I practice a type of poly that I tend to call tribal. As long as I can remember, Hubby and I have adopted people into our family: some as siblings, some as lovers and other as close friends. Over the last few years, our tribe has grown. Hubby and his girlfriend have brought home people. And recently, I realized that Guy and I have adopted many of his friends into the tribal polyfamily as well.
The male part of the couple I was dating described the situation’ “Like you're in the right place at the right time with the right people and you feel good. And you feel more expansive than you normally feel. And you feel connected.” Though he was speaking of his sense of a higher power, an experience of divinity, I think it works as well for what I feel regarding my tribe.
My tribal family is important to me. Family is about belonging and love. A place where one does not need to wear the masks of everyday life, but can be oneself without a fear of being judged. My friends, my family, are the people that I can turn to in times of trouble just as easily as I am able to share my joys. We help each other to grow; to achieve our full potential; to become the people that we want to be. And some of them, I fuck.
I can't imagine not being able to hang out with Hubby and Guy and their partners. I am choosing to share my entire life with these people. By all socializing together, I can spend more time with them, than if I had to see them individually.
Though occasionally things come up where only one partner is allowed and that makes things difficult. For me, the idea of not being someone’s first choice stings. It conjures up memories of not being picked for groups or teams in grade school; whether it was kickball or a science partner, I was always left feeling as if I wasn’t good enough. But rationally I know, that just because I may not have been first choice for a certain event, does not mean he (or she) loves me any less, or that I will not be first choice for something else.
I recently found out that my aversion to choices is shared by Guy. I went to lunch with him and his new girl friend. As the waitress led us to a booth, I almost asked for a table, but was too curious as to how this scene would play out. It went pretty much how I had imagined in my minds eye, she sat on one side of the booth and I on the other fully expecting him to sit down next to her. Guy paused, his eyes darting back and forth, unwilling to make a choice. I rolled my eyes and moved next to his new girlfriend alleviating the need for a decision. I would have much preferred to sit across from both of them as it is easier for me to face people when we are conversing. But Guy has tried to be considerate of my feelings in regards to introducing this person into our lives, so it was the least I could do.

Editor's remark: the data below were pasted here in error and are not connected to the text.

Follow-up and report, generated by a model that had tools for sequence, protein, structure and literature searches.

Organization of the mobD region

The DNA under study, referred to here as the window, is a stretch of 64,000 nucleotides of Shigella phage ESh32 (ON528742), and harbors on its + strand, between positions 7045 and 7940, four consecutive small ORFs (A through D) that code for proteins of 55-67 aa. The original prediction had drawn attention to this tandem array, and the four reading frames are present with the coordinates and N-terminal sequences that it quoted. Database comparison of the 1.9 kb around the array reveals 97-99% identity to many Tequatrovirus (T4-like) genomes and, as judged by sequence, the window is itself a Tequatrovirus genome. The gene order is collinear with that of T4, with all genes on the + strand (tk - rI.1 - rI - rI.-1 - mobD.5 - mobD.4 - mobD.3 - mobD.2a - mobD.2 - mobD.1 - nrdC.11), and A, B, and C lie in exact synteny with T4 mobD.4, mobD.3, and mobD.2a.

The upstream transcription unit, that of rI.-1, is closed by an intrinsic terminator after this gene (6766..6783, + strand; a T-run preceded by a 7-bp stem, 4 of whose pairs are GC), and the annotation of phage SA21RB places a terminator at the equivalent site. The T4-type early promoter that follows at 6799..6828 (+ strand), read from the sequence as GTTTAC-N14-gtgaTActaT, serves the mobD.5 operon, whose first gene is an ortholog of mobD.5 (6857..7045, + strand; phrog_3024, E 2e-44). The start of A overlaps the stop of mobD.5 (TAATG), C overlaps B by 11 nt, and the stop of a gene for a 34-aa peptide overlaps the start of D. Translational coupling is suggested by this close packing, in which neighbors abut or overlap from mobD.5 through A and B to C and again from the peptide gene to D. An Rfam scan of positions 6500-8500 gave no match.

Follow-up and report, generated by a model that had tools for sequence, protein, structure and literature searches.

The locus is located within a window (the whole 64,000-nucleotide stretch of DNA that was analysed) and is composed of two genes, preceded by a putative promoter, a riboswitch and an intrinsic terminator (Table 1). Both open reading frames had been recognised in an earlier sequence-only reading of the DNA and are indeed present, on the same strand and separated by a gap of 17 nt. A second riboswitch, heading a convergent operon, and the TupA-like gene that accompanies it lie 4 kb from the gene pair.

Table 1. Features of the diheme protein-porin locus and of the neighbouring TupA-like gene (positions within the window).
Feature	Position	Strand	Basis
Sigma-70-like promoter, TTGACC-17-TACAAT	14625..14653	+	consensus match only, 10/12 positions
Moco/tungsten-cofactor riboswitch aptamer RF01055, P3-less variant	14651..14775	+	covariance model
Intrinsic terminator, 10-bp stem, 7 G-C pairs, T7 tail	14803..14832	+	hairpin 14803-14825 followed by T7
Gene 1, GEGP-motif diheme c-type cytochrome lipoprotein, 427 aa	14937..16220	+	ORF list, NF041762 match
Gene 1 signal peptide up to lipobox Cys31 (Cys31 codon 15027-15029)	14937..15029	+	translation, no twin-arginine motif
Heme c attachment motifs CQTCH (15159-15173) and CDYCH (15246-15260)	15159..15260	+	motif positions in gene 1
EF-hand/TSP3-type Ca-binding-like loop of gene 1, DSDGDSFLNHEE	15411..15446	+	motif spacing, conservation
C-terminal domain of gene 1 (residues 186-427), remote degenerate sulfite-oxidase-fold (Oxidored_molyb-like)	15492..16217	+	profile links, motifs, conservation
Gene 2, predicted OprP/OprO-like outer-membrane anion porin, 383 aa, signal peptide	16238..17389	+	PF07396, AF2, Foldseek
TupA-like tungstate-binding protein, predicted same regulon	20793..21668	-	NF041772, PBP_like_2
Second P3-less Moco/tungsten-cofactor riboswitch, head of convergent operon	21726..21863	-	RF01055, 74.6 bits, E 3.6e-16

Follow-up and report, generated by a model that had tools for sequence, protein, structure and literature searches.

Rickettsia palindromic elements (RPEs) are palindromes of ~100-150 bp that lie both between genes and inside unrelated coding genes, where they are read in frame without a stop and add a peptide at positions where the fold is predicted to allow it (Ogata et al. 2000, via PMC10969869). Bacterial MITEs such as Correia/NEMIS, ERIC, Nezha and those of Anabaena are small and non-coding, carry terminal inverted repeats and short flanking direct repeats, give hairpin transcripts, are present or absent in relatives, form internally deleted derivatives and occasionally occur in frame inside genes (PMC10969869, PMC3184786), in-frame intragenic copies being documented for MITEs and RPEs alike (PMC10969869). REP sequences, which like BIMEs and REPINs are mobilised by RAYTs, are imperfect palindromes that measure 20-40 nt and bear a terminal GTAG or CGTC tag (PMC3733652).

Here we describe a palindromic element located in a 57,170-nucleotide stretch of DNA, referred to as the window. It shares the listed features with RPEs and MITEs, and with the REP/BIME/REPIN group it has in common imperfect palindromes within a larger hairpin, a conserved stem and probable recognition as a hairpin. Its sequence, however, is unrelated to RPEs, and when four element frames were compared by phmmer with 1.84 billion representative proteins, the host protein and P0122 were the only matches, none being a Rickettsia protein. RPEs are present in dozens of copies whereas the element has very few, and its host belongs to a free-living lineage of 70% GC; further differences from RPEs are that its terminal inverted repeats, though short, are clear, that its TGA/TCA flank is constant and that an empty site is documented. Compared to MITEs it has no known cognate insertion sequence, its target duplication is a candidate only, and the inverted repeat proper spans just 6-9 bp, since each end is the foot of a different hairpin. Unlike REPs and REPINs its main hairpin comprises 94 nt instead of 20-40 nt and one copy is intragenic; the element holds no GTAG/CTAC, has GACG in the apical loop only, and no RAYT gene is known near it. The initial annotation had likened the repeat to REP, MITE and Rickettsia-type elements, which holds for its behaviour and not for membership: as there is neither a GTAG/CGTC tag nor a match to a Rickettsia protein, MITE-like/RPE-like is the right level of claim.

Later I mentioned to him that I had been amused by the look on his face when confronted with the situation. We spoke of choices. I told him that I know that in some situations I wouldn’t be his first choice. He said he didn’t like it when I spoke like that; it pained him to hear. But since he didn’t disagree, I assume I spoke the truth.
There have been times lately that dark thoughts have crept into my brain: my insecurities with regards to Guy having a new girlfriend (even though she fits into the tribe quite well); or feeling like I am in the way when Hubby needs alone time with his girlfriend. I am sure that dark thoughts attack everyone from time to time. In my case, they get me to doubt my conviction to polyamory. Why is it that sometimes I feel compersion and sometimes I just feel sad about being left out? Why would my partner do something with (or for) a different girlfriend that he hasn’t with (or for) me? Why I am left home with the kids, while they get to go out and do something that I would like to do?
Sometimes there are answers to these questions, but most of the times there are not. But in voicing them to someone, I begin to remember that although they are valid concerns, everyone plays a different role in our lives. None of us are expendable and none are loved less (just in different ways).
So when those dark thoughts turn my thinking upside down, I am grateful for my polyfamily. There is always someone that I can count on for support; to show me how much I am loved and valued; to help beat the dark thoughts back. Because in essence, isn’t that what family is for?
This is such a great piece. So much to think about. And I suppose, really, whether it’s in a relationship, or at work, or with friends, there are always times where we feel left out. But all in all, it sounds like you have a pretty good handle on it.